One day, you wake up with a stuffy nose. It feels odd for some reason, your throat starts to feel ticklish and a pounding headache seems imminent. Is this of concern, and if it is, do you classify it as the common cold or a flu? What is the difference anyway? Two of the most commonly-confused respiratory illnesses are the common cold and flu. Many people cannot tell the difference because of their similarities. Here are signs to look out for that characterise each illness:
The contagious common cold is classed as an upper respiratory infection often caused by the rhinovirus. People with colds typically experience a runny or stuffy nose and constant sneezing. Fevers and headaches rarely manifest. Occasionally, you can feel fatigue. Coughs can be mild to moderate in severity. Symptoms slowly set in over time.
The flu is the more serious of the two, with more intense symptoms and the possibility of it worsening with serious complications. Flu signs can hit you like an oncoming train abruptly. A fever, body aches, chills, weakness, chest discomfort, cough, and headaches are common symptoms of a flu. A flu is usually caused by influenza A, B and C viruses. While some people recover from the flu in a few weeks, others can experience worsening of symptoms and complications like ear infections, pneumonia, myocarditis, kidney failure, sepsis and more. In serious cases, it can even lead to death, so early diagnosis and treatment is crucial. Some people with pre-existing chronic health issues like asthma can experience the deterioration of their symptoms. Certain groups of people are more vulnerable to flu, like the elderly aged 65 and older, those with chronic medical conditions, weakened immune systems, metabolic disorders, pregnant women and infants.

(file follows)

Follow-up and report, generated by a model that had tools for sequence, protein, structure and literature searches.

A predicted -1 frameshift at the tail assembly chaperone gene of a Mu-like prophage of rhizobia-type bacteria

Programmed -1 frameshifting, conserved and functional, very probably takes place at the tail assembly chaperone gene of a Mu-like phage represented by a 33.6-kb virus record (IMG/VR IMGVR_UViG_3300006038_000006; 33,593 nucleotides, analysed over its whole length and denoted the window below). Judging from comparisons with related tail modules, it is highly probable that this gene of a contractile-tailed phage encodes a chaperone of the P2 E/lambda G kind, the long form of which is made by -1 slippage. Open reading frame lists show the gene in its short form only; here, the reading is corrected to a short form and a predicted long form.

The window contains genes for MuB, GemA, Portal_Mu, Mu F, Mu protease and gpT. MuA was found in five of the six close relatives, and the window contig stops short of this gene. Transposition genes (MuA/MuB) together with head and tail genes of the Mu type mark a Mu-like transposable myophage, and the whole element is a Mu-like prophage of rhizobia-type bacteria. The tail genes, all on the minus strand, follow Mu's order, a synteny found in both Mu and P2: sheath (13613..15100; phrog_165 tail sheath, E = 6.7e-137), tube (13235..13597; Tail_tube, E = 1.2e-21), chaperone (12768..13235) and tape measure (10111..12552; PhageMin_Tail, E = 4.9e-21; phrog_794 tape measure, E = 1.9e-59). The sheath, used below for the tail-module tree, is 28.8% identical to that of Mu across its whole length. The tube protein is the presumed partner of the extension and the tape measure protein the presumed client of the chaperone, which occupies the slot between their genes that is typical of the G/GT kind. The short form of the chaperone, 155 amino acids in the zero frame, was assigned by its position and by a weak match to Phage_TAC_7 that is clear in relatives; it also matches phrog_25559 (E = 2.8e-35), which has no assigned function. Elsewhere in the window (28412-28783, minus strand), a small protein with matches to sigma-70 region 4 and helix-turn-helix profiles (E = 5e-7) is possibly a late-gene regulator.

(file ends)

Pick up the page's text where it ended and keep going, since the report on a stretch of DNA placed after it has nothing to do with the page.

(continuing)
When Is It COVID-19?
Another similar respiratory illness occurred since the end of 2019 – COVID-19, which is still plaguing nations worldwide. It is difficult to identify this illness because of its similarity to colds and the flu, and because there are also asymptomatic patients that display no symptoms. A fever, dry cough and tiredness are common signs. Less common signs include a loss of smell or taste, rashes, diarrhea and a sore throat. Older adults and people with existing medical conditions like diabetes and heart disease seem to be more likely to develop more serious complications from COVID-19. While respiratory illnesses tend to be highly contagious and spread easily, COVID-19 is thought to spread even more easily than the cold and flu, causing more serious illnesses in some people. A swab test is usually needed to confirm whether a person has the coronavirus or not.
The Bottom Line
Once upon a time, having a runny nose or slight cough caused much debate whether it warranted seeing the doctor and taking precious medical leave or not. Today, COVID-19 has shown us that such symptoms are not to be taken lightly. No matter the scale of your symptoms, it is still recommended to call your house call doctor for a diagnosis. Getting checked by a house call doctor ensures that you get speedy treatment and reduces the chances of spreading the virus to others in a healthcare facility, and vice versa.